The Cover Section Editor: M. Therese Southgate,
MD, Senior Contributing Editor.
He was a wizard with the brush, tricking his viewers into believing
that things that were not real, were. Like the fifth-century Greek Zeuxis,
who painted grapes "so lively that birds did fly to eat them," or the 13th-century
Italian Giotto, who painted a fly so realistically that Cimebue tried to brush
it away, John Frederick Peto (1854-1907) could paint still lifes so realistically
that viewers given to tidiness wanted to catch a precariously placed pen or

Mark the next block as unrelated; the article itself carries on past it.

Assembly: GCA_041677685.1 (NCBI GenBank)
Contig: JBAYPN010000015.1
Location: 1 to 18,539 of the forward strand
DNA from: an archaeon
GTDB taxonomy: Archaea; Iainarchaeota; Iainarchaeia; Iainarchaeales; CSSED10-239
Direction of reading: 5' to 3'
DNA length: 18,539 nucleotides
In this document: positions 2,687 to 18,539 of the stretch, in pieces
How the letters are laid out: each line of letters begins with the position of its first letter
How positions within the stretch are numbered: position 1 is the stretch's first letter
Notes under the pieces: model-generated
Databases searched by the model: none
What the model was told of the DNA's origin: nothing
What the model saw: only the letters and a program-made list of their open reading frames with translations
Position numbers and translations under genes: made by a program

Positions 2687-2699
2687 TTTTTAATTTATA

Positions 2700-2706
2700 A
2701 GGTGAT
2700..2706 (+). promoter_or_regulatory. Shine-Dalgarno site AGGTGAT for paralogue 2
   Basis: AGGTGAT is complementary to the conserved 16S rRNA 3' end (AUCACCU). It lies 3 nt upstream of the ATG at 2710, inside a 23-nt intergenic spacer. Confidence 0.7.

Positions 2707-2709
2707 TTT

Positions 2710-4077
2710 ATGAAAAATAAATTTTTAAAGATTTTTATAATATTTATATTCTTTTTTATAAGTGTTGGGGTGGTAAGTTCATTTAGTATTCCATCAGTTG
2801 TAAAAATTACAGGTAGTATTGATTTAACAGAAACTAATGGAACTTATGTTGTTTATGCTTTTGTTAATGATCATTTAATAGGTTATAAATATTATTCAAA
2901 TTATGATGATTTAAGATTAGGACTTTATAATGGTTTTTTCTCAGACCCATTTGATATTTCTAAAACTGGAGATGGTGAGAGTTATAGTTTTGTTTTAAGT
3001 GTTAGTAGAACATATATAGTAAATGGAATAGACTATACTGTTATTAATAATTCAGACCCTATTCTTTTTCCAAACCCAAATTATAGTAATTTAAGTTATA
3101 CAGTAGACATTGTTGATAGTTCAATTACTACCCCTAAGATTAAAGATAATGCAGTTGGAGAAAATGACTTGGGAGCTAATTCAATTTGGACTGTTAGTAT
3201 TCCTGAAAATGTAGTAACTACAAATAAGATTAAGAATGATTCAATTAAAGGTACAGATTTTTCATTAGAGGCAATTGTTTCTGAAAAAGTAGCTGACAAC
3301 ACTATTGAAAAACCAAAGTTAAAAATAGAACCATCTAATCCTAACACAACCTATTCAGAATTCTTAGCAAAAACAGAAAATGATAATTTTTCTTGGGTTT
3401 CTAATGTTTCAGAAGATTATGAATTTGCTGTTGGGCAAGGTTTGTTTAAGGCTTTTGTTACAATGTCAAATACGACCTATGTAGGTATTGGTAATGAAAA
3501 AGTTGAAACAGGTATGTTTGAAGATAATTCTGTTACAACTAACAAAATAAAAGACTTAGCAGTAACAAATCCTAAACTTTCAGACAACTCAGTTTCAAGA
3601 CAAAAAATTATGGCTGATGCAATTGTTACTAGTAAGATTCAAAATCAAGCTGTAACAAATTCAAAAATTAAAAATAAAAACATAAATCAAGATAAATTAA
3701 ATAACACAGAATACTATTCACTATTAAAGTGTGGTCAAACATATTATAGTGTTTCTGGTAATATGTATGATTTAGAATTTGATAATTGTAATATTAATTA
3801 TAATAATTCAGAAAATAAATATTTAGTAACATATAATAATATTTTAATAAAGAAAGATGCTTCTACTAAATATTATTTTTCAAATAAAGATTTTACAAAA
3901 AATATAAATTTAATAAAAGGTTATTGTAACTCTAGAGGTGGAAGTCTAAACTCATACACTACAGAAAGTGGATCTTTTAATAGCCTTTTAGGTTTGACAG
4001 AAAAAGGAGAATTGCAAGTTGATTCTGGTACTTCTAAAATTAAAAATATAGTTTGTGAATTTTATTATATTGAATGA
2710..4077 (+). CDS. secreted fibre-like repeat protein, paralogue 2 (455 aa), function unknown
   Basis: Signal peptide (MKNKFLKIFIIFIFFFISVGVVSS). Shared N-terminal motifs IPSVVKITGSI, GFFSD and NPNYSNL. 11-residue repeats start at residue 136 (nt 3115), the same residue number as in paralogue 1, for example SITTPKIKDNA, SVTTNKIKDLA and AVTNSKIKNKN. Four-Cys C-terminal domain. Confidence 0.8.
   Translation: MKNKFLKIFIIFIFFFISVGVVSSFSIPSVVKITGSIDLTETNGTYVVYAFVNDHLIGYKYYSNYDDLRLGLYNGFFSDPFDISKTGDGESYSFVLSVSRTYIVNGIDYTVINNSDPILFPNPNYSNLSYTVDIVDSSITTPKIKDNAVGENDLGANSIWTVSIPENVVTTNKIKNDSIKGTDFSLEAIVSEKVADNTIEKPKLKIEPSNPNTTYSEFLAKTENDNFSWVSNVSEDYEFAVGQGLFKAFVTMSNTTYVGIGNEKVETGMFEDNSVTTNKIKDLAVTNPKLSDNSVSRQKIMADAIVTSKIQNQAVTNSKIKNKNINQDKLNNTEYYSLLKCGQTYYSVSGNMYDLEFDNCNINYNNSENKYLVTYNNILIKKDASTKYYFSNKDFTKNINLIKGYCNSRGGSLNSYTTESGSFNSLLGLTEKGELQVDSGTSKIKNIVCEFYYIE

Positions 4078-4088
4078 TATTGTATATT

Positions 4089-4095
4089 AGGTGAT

wipe away ink spilled over the side of its container. Yet Peto lived in obscurity
and poverty and remained virtually unknown for the first 50 years after his
death. Ironically, toward the end of his life his works became popular, but
only because an art dealer, who had earlier bought several, was now selling
them under the name of the popular trompe-l'oeil painter William Michael Harnett
(JAMA covers, December 1, 1975, April 6, 1979, and November 25, 1983) who
had by then been dead for several years.
Southgate MT. The Blue Envelope. JAMA. 2001;286(1):13. doi:10.1001/jama.286.1.13